Throughout Somalia, civilians bear the brunt of the violence. The number of civilian casualties and the rate of internal displacement remained high during the reporting period. The vast majority of civilian casualties are attributed to al-Shabaab. But security forces of the federal government and the member states also continue to be accused of abusing and killing civilians, as well as of prolonged detention and military trials of civilians suspected of working for al-Shabaab. Military courts in Puntland during 2019 were accused of subjecting civilians, including teenagers, to fast trials, imprisonment and even torture.
In Somaliland, the right to association and assembly is guaranteed in the constitution. Most NGOs and political parties operate without serious interference. However, the reporting period saw a trend toward authoritarian restrictions and arbitrary arrests of government critics, among them journalists and opposition leaders. In May 2019, Somaliland’s security forces used violence during a rally organized by the political opposition and unlawfully arrested and detained two party leaders. The government’s responses to COVID-19 included the closure of schools and office-based businesses and the prohibition of gatherings and social events starting in March 2020. The government initially also closed mosques but opened them again due to pressure from religious leaders and instead issued guidelines. International flights were restricted. These measures were lifted in July 2020.
Association / assembly rights
The Provincial Federal Constitution and the Constitutions of the FMS provide for freedom of opinion and expression. The constitutions are, however, not harmonized and they contain different sets of restrictions, such as prohibitions on speaking against Islam, if public safety, order or stability are disturbed, or if expressions are unethical (without however specifying what is considered unethical). Political activists and opponents of governing authorities are often intimidated and can at any time face repression and beatings or violent arrests by security forces of both the national and regional states. The state and regional security forces, prominent among them, the National Intelligence and Security Agency (NISA), are regularly accused of severe human rights violations. The Covid-19 pandemic had no effect on the already limited freedom of expression.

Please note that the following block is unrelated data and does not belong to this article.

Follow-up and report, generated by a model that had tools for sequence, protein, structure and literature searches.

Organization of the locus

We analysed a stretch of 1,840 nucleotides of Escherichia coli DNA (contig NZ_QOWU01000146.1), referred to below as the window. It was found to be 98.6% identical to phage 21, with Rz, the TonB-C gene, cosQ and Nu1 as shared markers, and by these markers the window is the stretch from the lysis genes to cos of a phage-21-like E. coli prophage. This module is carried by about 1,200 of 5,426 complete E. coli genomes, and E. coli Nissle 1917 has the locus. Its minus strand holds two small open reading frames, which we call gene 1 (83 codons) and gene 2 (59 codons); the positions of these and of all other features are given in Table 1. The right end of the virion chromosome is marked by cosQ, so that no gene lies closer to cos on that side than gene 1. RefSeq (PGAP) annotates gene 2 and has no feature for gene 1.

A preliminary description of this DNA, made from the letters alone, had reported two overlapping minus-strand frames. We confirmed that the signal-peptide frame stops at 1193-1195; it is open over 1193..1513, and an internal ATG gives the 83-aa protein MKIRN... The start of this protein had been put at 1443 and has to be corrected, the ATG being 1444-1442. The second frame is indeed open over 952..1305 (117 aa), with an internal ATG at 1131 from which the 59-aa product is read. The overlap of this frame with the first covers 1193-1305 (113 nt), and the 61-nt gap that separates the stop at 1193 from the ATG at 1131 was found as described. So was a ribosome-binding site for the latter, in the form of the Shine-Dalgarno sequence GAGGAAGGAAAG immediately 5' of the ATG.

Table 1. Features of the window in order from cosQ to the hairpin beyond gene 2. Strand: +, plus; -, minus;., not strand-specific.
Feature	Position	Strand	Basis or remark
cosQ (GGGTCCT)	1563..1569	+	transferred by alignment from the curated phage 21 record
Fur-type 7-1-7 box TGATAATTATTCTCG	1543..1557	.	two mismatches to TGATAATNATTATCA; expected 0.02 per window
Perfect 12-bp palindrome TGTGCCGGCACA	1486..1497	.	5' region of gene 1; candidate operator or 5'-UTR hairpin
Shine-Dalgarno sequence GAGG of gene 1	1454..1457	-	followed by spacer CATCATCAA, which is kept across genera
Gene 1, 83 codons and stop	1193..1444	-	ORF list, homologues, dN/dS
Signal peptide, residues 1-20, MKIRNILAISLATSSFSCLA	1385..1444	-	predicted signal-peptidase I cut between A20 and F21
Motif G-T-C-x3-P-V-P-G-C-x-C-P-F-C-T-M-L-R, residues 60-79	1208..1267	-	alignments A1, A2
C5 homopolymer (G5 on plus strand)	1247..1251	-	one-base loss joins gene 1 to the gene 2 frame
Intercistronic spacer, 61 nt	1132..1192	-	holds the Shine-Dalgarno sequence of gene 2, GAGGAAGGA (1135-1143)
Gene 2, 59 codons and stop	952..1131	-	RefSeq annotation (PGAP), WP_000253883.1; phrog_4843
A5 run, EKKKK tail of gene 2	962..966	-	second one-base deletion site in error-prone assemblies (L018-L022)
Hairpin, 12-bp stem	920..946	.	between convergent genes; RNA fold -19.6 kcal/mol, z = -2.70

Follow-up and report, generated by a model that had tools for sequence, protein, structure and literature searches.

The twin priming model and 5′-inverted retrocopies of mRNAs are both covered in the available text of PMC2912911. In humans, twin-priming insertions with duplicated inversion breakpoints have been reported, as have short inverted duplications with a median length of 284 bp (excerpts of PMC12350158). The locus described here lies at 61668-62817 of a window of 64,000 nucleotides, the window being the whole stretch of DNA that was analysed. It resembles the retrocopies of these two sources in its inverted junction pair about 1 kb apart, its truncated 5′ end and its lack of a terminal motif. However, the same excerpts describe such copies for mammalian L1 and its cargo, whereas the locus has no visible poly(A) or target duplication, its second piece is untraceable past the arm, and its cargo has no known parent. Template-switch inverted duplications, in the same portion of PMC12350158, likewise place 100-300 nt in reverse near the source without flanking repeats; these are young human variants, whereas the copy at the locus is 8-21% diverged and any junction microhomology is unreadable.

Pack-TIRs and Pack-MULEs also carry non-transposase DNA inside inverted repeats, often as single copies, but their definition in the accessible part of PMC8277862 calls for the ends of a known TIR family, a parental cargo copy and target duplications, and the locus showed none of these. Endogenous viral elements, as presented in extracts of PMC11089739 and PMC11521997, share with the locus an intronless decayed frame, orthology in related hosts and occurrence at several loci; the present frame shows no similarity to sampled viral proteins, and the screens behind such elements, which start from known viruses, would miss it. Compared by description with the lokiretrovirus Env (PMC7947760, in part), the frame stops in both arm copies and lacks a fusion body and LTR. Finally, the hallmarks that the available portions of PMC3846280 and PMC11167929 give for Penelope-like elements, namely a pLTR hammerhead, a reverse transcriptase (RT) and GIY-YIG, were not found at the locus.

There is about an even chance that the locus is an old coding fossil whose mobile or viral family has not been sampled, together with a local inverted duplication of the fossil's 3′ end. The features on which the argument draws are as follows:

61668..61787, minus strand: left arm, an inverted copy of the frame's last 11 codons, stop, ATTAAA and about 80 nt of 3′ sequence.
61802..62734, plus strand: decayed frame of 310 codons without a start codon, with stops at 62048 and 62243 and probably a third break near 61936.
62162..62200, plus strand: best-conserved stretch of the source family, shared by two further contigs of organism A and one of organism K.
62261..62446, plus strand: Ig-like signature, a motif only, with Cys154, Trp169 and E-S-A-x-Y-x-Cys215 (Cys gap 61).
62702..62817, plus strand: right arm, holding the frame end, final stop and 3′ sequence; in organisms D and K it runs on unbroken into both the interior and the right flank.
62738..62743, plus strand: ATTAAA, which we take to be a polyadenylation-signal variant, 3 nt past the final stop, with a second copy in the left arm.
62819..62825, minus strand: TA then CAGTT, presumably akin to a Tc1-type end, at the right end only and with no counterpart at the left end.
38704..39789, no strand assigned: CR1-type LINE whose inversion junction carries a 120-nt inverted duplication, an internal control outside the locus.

Somalia saw the establishment of a broad number of regional media outlets, including newspapers, TV, radio, online media outlets and media associations, some partisan and with factional links, others lobbying for media rights, freedom of expression, and improvement of journalism. Generally, however, journalists in Somalia operate in a hostile environment and face intimidation, arbitrary arrests and harassment by state, clan-based and Islamist authorities.
Puntland tried to introduce the mandatory registration of journalists and media outlets in 2019. The move was interpreted as an attempt to control journalists and caused protests which were answered by raids on media outlets and arrests of media workers. Puntland, however, eventually halted the process. In August 2020, President Farmajo approved a controversial media law which has been criticized by leading human rights organizations. The law, albeit it provides rights of expression, also contains restrictions and vague wordings that provide scope for abuse of media freedom.
In areas under Al-Shabaab, independent media and journalism are prohibited. Al-Shabaab runs radio stations that broadcast a mixture of political propaganda and religious sermons. The Islamist militia also continued to threaten and harass media workers in areas outside its direct control.
Although Somaliland’s 2001 constitution guarantees the right to freedom of expression, including press freedom, the authorities continued to prosecute people under the 1964 penal code, which contains several overly broad and vaguely worded provisions that can be used to unduly restrict the right to freedom of expression. The Somaliland government has temporarily shut down websites and media outlets, among them major television stations in June and September 2019. In June 2020, Somaliland’s Minister of Information shut down a TV station because it did not properly broadcast the president’s address to the nation on the Independence Anniversary.